Emerging Markets Diary - February 2017

Leigh Innes , Portfolio Specialist

Executive Summary

Read Leigh’s regular blog and keep up to date with the current thinking of the London-based portion of our Emerging Markets team, as they analyse the latest developments and draw on first-hand observations from their travels across the globe.


Headlines this month:

  • Emerging market (EM) equities continued to steadily move upwards in February.
  • Our team visited Brazil, the largest country overweight in our EM portfolios, to revisit the investment thesis.
  • The Frontier Markets Equity team, meanwhile, visited Vietnam, a market undergoing significant change.

Emerging market equities continued to steadily move upwards in February, with the MSCI Emerging Markets Index gaining +3.1% for the month, which leaves it up +8.7% for the year-to-date.


The region’s best performers in 2016 were Brazil and Russia, both of which have performed quite differently so far in 2017, with Brazil one of the best performing emerging market up +15.6% by the end of February, while Russia ranks the lowest, returning -6.6%. A reduction of Trump/sanctions-related excitement and a stalling oil price have been working against Russia.


The Brazilian market suffered a small setback post Trump’s election victory, but it has since continued to power ahead, now over 100% above the lows of January 2016. Last year, our portfolios benefited from the strong overweight position that had been built up in Brazil, but also from solid stock selection. Today it remains our largest country overweight, so we need to consider closely how long we let that run for. The team were in Brazil again two weeks ago to revisit the investment thesis for the country and our key holdings.


From a macro point of view, the economy is still not growing, although we saw a few green shoots that we believe should enable some growth to return in 2018. Inflation is falling and the rate-cutting cycle is in full swing, which should benefit earnings of levered companies even without top line growth. Corruption revelations are still a threat, but the government should be able to pass pension reform which will be the key focus for the coming months.


Overall the team came back with a positive view, but noted that headline multiples are looking quite expensive on a short-term view and some correction would not be a big surprise. On a longer term view, companies should be able to deliver solid earnings growth as Brazil comes out of the worst recession in its history.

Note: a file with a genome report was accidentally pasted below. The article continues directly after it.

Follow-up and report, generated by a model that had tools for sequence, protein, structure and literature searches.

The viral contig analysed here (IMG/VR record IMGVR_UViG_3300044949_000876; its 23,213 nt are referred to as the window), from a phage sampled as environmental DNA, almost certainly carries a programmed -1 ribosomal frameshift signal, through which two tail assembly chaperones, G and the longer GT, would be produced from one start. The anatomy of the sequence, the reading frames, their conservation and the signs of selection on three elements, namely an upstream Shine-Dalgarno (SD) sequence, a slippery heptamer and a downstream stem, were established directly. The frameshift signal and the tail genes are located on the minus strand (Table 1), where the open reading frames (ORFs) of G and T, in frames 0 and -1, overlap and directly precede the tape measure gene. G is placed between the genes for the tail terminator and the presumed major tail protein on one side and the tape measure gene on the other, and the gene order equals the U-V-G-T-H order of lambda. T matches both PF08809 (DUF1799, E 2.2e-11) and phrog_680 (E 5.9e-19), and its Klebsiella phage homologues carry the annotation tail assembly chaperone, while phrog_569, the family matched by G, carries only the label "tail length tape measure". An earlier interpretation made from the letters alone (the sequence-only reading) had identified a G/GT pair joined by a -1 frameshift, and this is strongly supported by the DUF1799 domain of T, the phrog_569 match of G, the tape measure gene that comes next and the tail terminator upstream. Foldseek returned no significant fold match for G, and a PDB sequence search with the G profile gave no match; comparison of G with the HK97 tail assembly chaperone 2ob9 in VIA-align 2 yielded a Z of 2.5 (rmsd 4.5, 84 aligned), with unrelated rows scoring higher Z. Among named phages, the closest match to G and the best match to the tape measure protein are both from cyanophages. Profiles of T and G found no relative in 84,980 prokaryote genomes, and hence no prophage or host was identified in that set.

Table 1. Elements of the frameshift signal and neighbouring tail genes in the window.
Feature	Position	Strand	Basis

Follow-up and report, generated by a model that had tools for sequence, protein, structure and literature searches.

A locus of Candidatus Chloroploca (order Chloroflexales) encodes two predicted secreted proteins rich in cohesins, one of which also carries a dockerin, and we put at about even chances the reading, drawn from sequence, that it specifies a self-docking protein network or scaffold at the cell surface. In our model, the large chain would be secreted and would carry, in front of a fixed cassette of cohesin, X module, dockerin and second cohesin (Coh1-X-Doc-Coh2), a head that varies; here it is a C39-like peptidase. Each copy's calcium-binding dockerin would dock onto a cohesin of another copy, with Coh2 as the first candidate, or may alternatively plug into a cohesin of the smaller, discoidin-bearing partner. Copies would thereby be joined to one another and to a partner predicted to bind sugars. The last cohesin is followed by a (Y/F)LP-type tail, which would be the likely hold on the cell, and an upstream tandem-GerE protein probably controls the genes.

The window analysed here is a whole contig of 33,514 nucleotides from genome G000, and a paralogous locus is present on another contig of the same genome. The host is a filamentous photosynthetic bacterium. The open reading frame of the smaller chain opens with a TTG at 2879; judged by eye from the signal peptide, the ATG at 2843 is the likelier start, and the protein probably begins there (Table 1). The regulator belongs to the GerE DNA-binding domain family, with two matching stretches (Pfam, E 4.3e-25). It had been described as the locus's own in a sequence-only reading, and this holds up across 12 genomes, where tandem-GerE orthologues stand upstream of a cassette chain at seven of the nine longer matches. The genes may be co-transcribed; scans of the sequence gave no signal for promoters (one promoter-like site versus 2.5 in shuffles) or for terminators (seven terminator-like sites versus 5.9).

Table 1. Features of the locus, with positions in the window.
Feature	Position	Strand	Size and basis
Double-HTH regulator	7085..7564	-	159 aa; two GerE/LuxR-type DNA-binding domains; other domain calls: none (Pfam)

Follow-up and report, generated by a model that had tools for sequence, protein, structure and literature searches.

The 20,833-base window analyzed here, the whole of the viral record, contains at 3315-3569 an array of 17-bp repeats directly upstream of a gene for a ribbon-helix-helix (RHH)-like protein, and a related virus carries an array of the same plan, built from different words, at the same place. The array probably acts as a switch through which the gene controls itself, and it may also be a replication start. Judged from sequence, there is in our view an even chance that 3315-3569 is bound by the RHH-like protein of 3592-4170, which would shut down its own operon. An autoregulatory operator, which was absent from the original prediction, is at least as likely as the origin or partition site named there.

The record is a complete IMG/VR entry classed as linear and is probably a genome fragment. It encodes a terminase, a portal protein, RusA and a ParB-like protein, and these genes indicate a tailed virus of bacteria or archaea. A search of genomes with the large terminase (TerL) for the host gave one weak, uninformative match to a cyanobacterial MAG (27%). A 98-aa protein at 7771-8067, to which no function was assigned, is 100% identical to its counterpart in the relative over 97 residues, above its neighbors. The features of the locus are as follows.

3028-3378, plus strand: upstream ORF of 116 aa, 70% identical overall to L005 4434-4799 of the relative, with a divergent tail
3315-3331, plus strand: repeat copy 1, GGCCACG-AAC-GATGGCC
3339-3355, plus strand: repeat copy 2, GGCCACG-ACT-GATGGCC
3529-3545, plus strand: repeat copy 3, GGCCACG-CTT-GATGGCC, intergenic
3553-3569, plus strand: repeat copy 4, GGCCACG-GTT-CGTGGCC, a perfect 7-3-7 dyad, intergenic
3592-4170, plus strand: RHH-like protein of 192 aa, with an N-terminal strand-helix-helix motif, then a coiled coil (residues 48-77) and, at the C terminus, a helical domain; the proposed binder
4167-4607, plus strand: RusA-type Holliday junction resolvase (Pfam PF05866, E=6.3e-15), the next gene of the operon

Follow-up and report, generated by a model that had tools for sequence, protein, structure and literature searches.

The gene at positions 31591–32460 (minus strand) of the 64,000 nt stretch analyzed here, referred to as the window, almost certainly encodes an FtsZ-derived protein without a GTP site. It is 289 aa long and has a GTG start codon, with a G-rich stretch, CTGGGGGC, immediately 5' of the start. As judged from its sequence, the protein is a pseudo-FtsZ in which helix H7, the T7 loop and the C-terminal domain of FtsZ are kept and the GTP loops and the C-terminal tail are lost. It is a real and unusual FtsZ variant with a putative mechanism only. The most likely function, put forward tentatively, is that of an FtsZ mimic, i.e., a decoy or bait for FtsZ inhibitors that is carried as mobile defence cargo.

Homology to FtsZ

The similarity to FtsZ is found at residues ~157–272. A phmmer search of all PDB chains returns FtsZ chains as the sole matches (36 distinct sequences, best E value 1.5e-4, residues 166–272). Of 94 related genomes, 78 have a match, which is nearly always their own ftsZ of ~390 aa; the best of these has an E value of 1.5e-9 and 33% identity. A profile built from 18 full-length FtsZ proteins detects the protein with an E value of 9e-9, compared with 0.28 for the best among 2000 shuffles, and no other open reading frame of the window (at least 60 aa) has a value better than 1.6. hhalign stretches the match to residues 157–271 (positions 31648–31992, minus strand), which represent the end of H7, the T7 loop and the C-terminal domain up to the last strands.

Our key holdings in the consumer and financials space continue to perform strongly –meetings with management teams added to conviction.


MSCI Brazil - Consensus 12-month Forward PIE

Source: MSCI, Thomson Reuters Datastream, Bradesco BBI


The Frontier Markets Equity team were in Vietnam recently, a market undergoing significant change where stocks have performed strongly. It’s one of the largest positions within our Frontier markets equity portfolios. Portfolio Manager, Oliver Bell, noted that the conference was overwhelmed with nearly 200 foreign investors and 200 locals, a sharp contrast to three years ago (which is often a warning sign for us).


Things on the ground felt good, consumer confidence is high, economic growth remains robust and the banking sector has mostly cleaned up its problems (there was a property market crash in 2012). Vietnam’s growth model is more tied in to exports than most other frontier markets, with foreign direct investment (FDI) strong. The FDI sector accounted for 71% of total exports in 2015, according to the Ministry of Industry and Trade1.


The demise of the Trans-Pacific Partnership was unfortunate, but we believe trade risks for Vietnam are at the lower end of the scale as labour costs remain extremely attractive. Post trip, Oliver continues to have broad exposure to Vietnam, and although conscious that risks are rising, will keep his overweight exposure for now. We are looking to tilt a little more towards the consumer sector and are working on several ideas.


1 “Socio-economic situation in 2015”, General Statistics Office of Vietnam





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A diversified portfolio of approximately 90-120 emerging markets stocks, unconstrained by country, sector, or market cap. We aim to identify high quality companies with long-term sustainable above-market earnings growth, at prices that do not fully reflect that growth.
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